Specifically, the *diversification ratio* (DR) is defined similarly to the Sharpe ratio (Section 6.3) but using \(\bm{\sigma}\) in lieu of \(\bmu\):
\[\textm{DR} = \frac{\w^\T\bm{\sigma}}{\sqrt{\w^\T\bSigma\w}}.\]
For long-only portfolios, it can be shown that \(\textm{DR}\ge1\) (for a single stock, it reduces to \(\textm{DR}=1\)).

The *most diversified portfolio* (MDP) is formulated as the maximization of the DR (akin to the maximization of the Sharpe ratio considered in Section 7.2 from Chapter 7):
\[\begin{equation}
\begin{array}{ll}
\underset{\w}{\textm{minimize}} & \dfrac{\w^\T\bm{\sigma}}{\sqrt{\w^\T\bSigma\w}}\\
\textm{subject to} & \bm{1}^\T\w=1, \quad \w\ge\bm{0}.
\end{array}
\tag{6.17}
\end{equation}\]

The MDP has some interesting properties:

- the correlation \(\rho\) of some portfolio \(\w\) with the MDP, denoted \(\w^\textm{MDP}\), is proportional to the DR of the portfolio: \[\rho = \frac{\textm{DR}\left(\w\right)}{\textm{DR}\left(\w^\textm{MDP}\right)};\]
- all the assets in the MDP consequently have the same positive correlation to the MDP;
- if all the stocks in the universe have the same volatility, then the MDP is equivalent to the GMVP;
- the squared \(\textm{DR}\) can be interpreted as the effective number of independent risk factors in the portfolio (Choueifaty et al., 2013).

### 6.5.5 Maximum decorrelation portfolio (MDCP)

The *maximum decorrelation portfolio* (MDCP) is defined similarly to the GMVP but using the *correlation matrix* \(\bm{C}\) in lieu of the covariance matrix \(\bSigma\) (Christoffersen et al., 2012):
\[\begin{equation}
\begin{array}{ll}
\underset{\w}{\textm{minimize}} & \w^\T\bm{C}\w\\
\textm{subject to} & \bm{1}^\T\w=1, \quad \w\ge\bm{0}.
\end{array}
\tag{6.18}
\end{equation}\]
The correlation matrix \(\bm{C}\) can be interpreted as the covariance matrix of the normalized assets such that they have unit volatility, i.e.,
\[\bm{C} = \textm{Diag}\left(\bSigma\right)^{-1/2} \bSigma \textm{Diag}\left(\bSigma\right)^{-1/2},\]
where \(\textm{Diag}(\cdot)\) keeps the diagonal elements of the matrix argument and sets the off-diagonal elements to zero.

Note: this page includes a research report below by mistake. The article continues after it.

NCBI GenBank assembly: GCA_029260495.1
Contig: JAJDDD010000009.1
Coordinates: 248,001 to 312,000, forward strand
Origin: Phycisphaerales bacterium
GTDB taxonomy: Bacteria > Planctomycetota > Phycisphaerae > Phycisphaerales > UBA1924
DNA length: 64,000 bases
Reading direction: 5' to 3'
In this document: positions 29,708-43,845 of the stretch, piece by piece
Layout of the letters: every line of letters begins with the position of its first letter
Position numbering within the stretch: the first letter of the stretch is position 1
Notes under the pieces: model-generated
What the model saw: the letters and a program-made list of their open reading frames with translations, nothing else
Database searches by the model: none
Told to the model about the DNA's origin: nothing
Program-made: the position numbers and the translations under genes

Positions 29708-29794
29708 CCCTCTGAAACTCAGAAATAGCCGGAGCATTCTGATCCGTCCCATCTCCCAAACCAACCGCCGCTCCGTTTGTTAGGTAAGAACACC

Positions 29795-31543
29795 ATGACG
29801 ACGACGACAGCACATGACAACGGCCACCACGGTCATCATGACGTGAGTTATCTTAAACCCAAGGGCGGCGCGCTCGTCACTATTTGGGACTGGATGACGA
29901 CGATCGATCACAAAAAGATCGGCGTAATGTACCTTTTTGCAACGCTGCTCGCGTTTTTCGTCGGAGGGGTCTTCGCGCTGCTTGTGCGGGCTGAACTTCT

The MDCP is not only related to the GMVP but also to the MDP: when the MDCP weights are divided by their respective assets’ volatilities and renormalized so that they sum up to 1, we retrieve the MDP weights.

Some interesting properties include that the MDCP

- maximizes the DR when all assets have equal volatility; and
- maximizes the SR when all assets have equal risks and returns.

### 6.5.6 Numerical experiments

We now compare the following risk-based portfolios: GMVP, IVolP, RPP, MDP, and MDCP. We consider eight stocks from the S&P 500 during the period 2019-2020, under the same setting as the experiments in Section 6.4.5.

Figure 6.15 shows the normalized dollar allocation of the risk-based portfolios, whereas Figure 6.16 shows the out-of-sample backtest results in terms of cumulative P&L and drawdown. Since all these portfolios are precisely obtained by somehow minizing the risk, the resulting drawdowns are small (compare with the drawdowns of the heuristic portfolios in Figure 6.13).

### References

*Annals of Operations Research*,

*254*(1-2), 2–16.

*Journal of Portfolio Management*,

*19*(2), 6–11.

*Journal of Portfolio Management*.

*Journal of Investment Strategies*.

*The Review of Financial Studies*.

*PanAgora Asset Management*.

*Risk parity fundamentals*. CRC Press.

*Introduction to risk parity and budgeting*. Chapman & Hall/CRC Financial Mathematics Series.